Making writers in prison from around the world Honorary Members of International PEN and its centres is one of our most successful strategies for raising these writers’ profile, and in some cases, winning their release.
Sydney PEN’s Honorary Members are individuals with whom our centre has had an extensive campaign history. By taking this step in approaching particular cases, we show our long-term commitment to fighting for the writers’ release and increased awareness of their plight.
Noted here are profiles of each writer, the year they became an Honorary Member of Sydney PEN and links to any relevant media or campaign letters.
Dissident poet, academic and former President of International Chinese PEN Centre, Liu Xiaobo [shou-bo], was imprisoned on Christmas Day 2009 for eleven years. Liu had been held in detention since December 2008 on charges of ‘incitement to subversion of state power’ and ‘spreading rumours defaming the government’. Arrested for signing Charter 08, a declaration calling for political reforms and human rights, which was previously believed to carry a maximum five-year prison sentence.
In October 2010, Liu Xiaobo was awarded the Nobel Peace Prize, a cause of celebration by the international human rights community. Immediately after he was informed of the Prize by his wife, Liu Xia, she was placed under house arrest along with several Independent Chinese PEN members and …read the rest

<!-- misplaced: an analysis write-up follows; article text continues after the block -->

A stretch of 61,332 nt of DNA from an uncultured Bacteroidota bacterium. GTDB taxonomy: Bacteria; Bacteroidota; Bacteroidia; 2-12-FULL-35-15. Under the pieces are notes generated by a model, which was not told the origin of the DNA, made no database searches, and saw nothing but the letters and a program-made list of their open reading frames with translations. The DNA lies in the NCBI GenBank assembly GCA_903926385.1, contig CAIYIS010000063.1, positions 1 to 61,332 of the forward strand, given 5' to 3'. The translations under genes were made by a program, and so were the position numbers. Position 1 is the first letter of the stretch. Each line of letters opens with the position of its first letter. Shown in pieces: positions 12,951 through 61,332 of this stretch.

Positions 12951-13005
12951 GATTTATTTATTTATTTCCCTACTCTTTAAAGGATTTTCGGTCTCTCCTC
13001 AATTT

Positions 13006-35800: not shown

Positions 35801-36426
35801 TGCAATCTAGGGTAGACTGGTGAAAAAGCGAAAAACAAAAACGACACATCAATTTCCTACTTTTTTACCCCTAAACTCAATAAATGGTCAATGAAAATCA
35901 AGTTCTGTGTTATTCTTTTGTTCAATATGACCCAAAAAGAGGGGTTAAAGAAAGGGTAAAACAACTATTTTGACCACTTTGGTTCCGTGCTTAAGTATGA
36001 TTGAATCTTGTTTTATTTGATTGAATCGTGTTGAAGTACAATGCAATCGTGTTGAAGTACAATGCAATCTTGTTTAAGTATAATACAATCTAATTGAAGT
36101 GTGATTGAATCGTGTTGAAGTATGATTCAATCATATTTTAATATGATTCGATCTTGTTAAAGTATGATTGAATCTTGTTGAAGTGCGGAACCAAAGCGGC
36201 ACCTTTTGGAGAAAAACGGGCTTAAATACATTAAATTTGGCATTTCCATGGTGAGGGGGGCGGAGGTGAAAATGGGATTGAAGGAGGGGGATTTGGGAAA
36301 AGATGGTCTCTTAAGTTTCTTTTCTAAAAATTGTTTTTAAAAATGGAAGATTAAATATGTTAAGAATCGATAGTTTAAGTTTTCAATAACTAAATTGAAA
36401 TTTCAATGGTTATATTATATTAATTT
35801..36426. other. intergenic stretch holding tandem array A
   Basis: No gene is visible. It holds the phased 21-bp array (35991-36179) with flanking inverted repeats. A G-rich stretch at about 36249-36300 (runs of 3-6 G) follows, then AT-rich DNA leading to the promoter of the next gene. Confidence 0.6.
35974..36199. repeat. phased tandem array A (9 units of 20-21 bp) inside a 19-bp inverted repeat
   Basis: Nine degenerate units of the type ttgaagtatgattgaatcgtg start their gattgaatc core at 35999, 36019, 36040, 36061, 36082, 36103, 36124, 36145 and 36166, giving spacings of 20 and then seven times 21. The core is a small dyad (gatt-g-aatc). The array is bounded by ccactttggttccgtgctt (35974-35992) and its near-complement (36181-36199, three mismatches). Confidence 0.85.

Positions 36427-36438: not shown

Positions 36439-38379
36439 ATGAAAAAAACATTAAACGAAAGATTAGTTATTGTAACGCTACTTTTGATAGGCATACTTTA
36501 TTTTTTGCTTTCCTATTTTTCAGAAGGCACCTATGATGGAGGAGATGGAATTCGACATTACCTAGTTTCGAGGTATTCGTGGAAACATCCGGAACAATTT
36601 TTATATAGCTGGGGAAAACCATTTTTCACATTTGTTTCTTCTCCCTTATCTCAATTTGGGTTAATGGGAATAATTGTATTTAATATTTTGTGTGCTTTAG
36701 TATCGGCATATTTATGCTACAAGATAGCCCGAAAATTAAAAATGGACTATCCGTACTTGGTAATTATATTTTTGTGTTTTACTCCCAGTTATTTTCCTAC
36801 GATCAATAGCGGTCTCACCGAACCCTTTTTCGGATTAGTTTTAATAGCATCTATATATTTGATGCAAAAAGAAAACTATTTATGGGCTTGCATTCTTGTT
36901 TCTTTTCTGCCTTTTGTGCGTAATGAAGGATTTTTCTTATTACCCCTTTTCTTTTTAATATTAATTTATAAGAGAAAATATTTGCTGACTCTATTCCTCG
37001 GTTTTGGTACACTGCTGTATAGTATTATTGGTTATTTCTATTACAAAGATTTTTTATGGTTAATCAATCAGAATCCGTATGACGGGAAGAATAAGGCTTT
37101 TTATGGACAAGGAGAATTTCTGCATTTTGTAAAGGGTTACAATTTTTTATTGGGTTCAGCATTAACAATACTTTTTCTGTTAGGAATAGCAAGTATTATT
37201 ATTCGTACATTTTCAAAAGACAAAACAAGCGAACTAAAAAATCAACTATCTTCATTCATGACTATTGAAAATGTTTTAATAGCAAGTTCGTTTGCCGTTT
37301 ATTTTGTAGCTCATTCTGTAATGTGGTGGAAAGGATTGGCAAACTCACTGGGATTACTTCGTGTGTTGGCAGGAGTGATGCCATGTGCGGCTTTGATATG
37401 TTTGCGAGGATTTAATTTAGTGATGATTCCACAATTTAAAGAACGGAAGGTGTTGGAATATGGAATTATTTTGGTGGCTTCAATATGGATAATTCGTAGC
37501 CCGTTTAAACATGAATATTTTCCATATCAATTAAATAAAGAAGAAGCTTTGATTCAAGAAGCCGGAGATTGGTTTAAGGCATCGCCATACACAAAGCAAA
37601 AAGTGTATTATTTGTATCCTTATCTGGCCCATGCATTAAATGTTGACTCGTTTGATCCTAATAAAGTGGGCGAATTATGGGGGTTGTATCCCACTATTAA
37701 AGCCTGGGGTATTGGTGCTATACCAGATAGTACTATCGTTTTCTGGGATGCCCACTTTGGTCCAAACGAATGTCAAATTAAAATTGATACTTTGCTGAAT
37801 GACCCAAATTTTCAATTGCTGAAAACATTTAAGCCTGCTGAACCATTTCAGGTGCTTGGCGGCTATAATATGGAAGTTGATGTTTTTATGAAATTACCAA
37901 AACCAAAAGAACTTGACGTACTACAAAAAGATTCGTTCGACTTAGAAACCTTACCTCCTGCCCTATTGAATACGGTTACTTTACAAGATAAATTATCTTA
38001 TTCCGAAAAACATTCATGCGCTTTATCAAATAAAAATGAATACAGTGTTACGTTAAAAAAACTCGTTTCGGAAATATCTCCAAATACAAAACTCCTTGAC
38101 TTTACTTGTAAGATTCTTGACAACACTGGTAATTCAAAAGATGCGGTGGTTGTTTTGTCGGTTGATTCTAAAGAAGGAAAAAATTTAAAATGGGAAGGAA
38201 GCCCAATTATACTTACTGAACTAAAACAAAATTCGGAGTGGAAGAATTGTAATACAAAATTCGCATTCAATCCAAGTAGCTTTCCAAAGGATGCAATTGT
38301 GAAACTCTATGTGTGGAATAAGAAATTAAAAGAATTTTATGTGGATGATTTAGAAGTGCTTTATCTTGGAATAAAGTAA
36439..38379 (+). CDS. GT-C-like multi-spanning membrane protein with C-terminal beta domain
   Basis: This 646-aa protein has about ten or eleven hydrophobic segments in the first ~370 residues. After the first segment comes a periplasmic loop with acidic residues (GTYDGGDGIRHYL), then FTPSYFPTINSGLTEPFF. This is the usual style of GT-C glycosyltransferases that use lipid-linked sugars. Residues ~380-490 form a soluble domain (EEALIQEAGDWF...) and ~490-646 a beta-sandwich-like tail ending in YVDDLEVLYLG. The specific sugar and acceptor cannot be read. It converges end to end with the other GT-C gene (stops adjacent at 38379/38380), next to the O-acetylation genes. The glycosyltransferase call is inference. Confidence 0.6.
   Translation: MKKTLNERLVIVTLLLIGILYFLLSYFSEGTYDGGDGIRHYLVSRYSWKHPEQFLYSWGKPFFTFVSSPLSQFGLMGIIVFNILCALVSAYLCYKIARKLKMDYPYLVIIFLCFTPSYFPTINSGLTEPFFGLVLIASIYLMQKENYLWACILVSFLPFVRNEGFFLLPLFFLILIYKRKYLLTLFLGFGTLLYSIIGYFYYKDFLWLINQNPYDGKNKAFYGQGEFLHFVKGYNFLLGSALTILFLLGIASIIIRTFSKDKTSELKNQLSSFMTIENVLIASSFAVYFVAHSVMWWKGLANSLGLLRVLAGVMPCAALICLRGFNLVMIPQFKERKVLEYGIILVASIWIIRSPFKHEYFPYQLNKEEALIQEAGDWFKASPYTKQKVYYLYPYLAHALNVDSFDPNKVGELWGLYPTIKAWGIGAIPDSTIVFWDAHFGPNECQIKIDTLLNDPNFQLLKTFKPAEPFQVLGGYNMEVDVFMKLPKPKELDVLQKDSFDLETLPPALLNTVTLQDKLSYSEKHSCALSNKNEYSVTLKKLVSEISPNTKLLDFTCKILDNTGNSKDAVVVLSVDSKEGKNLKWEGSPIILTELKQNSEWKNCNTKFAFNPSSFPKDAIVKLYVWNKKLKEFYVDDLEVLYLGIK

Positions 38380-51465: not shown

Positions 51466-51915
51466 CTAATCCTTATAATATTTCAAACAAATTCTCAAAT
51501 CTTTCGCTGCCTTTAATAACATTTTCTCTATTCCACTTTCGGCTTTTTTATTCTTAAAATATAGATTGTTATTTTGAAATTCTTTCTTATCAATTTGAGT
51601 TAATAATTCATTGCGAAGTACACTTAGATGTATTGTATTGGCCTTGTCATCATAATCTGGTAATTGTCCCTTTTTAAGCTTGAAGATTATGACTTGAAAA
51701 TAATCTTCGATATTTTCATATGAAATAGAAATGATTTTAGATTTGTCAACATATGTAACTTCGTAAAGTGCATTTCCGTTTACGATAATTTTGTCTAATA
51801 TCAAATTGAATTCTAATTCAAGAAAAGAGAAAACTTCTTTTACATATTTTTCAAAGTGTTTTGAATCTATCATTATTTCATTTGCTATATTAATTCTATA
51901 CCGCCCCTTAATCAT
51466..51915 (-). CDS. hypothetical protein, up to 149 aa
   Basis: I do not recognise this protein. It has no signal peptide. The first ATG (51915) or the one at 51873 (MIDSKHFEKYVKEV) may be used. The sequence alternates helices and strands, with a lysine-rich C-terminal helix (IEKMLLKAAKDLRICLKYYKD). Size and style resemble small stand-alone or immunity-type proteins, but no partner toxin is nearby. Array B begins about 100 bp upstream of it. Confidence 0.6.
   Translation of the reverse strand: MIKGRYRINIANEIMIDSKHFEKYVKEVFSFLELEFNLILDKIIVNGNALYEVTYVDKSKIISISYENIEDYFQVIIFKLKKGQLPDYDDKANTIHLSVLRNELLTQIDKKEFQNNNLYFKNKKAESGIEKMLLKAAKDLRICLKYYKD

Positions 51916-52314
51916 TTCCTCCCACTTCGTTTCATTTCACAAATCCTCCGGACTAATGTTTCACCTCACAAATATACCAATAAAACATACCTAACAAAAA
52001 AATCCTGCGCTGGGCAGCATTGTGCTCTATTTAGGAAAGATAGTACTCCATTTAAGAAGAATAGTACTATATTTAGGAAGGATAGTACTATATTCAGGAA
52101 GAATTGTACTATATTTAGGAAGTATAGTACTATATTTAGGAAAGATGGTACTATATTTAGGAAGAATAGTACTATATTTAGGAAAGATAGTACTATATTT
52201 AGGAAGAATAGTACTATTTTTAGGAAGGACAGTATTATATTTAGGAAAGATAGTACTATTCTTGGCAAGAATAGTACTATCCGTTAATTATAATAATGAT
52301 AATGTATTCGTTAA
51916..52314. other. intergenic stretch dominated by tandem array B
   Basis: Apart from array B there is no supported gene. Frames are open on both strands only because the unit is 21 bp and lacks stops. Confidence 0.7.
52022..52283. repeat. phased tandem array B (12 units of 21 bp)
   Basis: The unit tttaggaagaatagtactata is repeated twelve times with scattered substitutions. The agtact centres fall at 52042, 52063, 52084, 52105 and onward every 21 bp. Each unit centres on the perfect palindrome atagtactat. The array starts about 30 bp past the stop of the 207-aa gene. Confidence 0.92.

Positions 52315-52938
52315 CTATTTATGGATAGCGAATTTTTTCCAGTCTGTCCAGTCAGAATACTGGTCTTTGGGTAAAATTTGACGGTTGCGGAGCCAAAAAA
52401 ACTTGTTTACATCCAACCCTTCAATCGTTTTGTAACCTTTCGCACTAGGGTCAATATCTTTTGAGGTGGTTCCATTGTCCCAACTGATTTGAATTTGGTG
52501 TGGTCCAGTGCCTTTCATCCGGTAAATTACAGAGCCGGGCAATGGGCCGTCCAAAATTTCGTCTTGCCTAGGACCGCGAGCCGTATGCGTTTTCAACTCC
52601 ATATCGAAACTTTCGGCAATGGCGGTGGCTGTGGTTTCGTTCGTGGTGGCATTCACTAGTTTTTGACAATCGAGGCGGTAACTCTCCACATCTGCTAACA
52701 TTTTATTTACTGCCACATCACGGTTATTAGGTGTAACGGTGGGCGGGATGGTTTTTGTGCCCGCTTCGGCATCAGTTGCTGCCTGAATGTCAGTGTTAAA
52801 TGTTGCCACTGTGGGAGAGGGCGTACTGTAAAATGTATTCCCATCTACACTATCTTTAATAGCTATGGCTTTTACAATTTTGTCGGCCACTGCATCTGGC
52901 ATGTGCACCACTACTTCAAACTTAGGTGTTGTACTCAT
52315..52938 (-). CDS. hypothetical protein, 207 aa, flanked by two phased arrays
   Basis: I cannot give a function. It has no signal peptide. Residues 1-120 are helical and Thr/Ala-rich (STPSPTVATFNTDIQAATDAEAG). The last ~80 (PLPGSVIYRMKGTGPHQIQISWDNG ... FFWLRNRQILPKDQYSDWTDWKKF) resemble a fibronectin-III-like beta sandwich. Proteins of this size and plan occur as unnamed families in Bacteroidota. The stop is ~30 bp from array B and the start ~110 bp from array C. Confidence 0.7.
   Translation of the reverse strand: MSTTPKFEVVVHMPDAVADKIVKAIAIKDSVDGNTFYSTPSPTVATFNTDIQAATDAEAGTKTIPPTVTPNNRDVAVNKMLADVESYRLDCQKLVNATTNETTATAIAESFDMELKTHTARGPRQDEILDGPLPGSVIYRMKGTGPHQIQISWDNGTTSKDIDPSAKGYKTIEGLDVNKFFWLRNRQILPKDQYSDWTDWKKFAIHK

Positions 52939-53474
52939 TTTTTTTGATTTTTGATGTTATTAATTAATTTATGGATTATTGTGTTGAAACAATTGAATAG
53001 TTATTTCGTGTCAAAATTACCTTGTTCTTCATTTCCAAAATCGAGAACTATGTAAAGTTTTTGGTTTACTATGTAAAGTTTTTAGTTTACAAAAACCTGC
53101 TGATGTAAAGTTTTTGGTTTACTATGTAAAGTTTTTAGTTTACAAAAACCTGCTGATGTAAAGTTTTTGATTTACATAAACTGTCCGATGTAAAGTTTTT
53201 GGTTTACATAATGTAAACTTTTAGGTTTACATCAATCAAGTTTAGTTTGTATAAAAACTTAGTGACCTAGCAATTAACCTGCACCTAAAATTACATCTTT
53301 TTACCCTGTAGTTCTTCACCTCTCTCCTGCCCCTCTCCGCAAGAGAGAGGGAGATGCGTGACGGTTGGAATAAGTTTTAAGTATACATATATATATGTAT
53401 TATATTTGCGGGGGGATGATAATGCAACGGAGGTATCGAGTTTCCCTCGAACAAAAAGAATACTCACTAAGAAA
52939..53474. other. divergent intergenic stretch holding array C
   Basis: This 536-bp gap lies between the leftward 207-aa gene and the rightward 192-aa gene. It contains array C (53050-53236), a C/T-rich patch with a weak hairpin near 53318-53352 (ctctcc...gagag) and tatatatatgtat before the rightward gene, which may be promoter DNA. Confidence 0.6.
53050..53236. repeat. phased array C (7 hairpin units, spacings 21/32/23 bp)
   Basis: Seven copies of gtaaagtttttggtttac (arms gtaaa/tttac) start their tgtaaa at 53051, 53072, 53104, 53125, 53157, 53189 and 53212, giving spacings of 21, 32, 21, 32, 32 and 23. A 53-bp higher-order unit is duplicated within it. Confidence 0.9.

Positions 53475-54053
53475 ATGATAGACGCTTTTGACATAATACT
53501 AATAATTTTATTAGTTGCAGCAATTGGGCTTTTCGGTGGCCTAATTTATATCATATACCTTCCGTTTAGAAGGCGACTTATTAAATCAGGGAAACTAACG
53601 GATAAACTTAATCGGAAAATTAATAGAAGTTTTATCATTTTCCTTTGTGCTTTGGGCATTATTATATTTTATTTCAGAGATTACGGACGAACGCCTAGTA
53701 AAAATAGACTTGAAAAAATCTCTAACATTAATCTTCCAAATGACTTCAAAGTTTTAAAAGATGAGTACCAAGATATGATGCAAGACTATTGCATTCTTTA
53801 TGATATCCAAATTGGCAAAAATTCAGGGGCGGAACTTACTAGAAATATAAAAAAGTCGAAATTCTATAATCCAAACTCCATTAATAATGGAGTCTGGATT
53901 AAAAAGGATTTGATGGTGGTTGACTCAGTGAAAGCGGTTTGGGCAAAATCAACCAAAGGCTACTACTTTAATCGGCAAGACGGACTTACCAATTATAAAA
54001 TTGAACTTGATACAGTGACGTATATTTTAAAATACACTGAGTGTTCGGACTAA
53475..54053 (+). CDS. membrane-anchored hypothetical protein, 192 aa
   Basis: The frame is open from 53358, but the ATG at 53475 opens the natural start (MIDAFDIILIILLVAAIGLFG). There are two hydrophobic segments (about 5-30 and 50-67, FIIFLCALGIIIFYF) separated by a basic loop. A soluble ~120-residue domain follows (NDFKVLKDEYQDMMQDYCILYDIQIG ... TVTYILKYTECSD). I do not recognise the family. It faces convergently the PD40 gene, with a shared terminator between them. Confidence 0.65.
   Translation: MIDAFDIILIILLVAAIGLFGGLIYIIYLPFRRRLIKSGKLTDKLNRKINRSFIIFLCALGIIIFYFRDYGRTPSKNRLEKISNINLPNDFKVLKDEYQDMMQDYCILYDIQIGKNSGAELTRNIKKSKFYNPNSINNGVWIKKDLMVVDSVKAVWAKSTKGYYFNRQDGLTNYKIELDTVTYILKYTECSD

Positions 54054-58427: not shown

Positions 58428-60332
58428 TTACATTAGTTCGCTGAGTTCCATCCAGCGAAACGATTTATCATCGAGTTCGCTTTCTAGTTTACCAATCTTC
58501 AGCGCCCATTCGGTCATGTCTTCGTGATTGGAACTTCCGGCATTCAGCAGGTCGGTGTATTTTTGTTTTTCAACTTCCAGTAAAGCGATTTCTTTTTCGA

Father Nguyen Van Ly
Editor and Catholic priest Father Nguyen Van Ly (pronouncednoiyen ven lee) was re-arrested by Vietnamese police on 25 July 2011, allegedly for distributing anti-government leaflets during his parole. Fr Van Ly had been on medical leave from an eight year prison sentence for over a year. He has been forcibly returned to prison to serve out the rest of his sentence to 2015. His personal health is at serious risk, as he suffers from partial paralysis and an enlarged prostate.
Father Thaddeus Nguyen Van Ly is a Roman Catholic priest and prominent Vietnamese dissident involved in many pro-democracy movements. Father Ly has already spent around 15 years in prison for peacefully criticizing government policies on religion and advocating for greater respect for human …read the rest
Journalist, poet and Independent Chinese PEN Centre member, Shi Tao was sentenced to ten years’ imprisonment for “revealing state secrets abroad”. In April 2004, Shi Tao sent notes he took of a document read out at an editorial meeting of the Dangdai Shangbao (Contemporary Commerce News) to an overseas website using a Yahoo! email account. According to court documents, Yahoo! (Hong Kong) Holdings Ltd provided the Chinese authorities with Shi Tao’s identity.
Sydney PEN believes that the detention of Shi Tao is an infraction of his right to free expression and calls on the Chinese authorities to release him. In 2005 we wrote to Yahoo! and President Hu Jintao to protest his case.
Comedian and poet Zargana was released from prison on 11 October 2011 in a mass amnesty arranged by the Burmese government. Zargana was serving a thirty-five year prison sentence for his peaceful opposition activities and criticism of the government.
PEN continues to demand the immediate and unconditional release of all those detained in Burma in violation of Article 19 of the United Nations Universal Declaration of Human Rights, protecting the right to freedom of expression.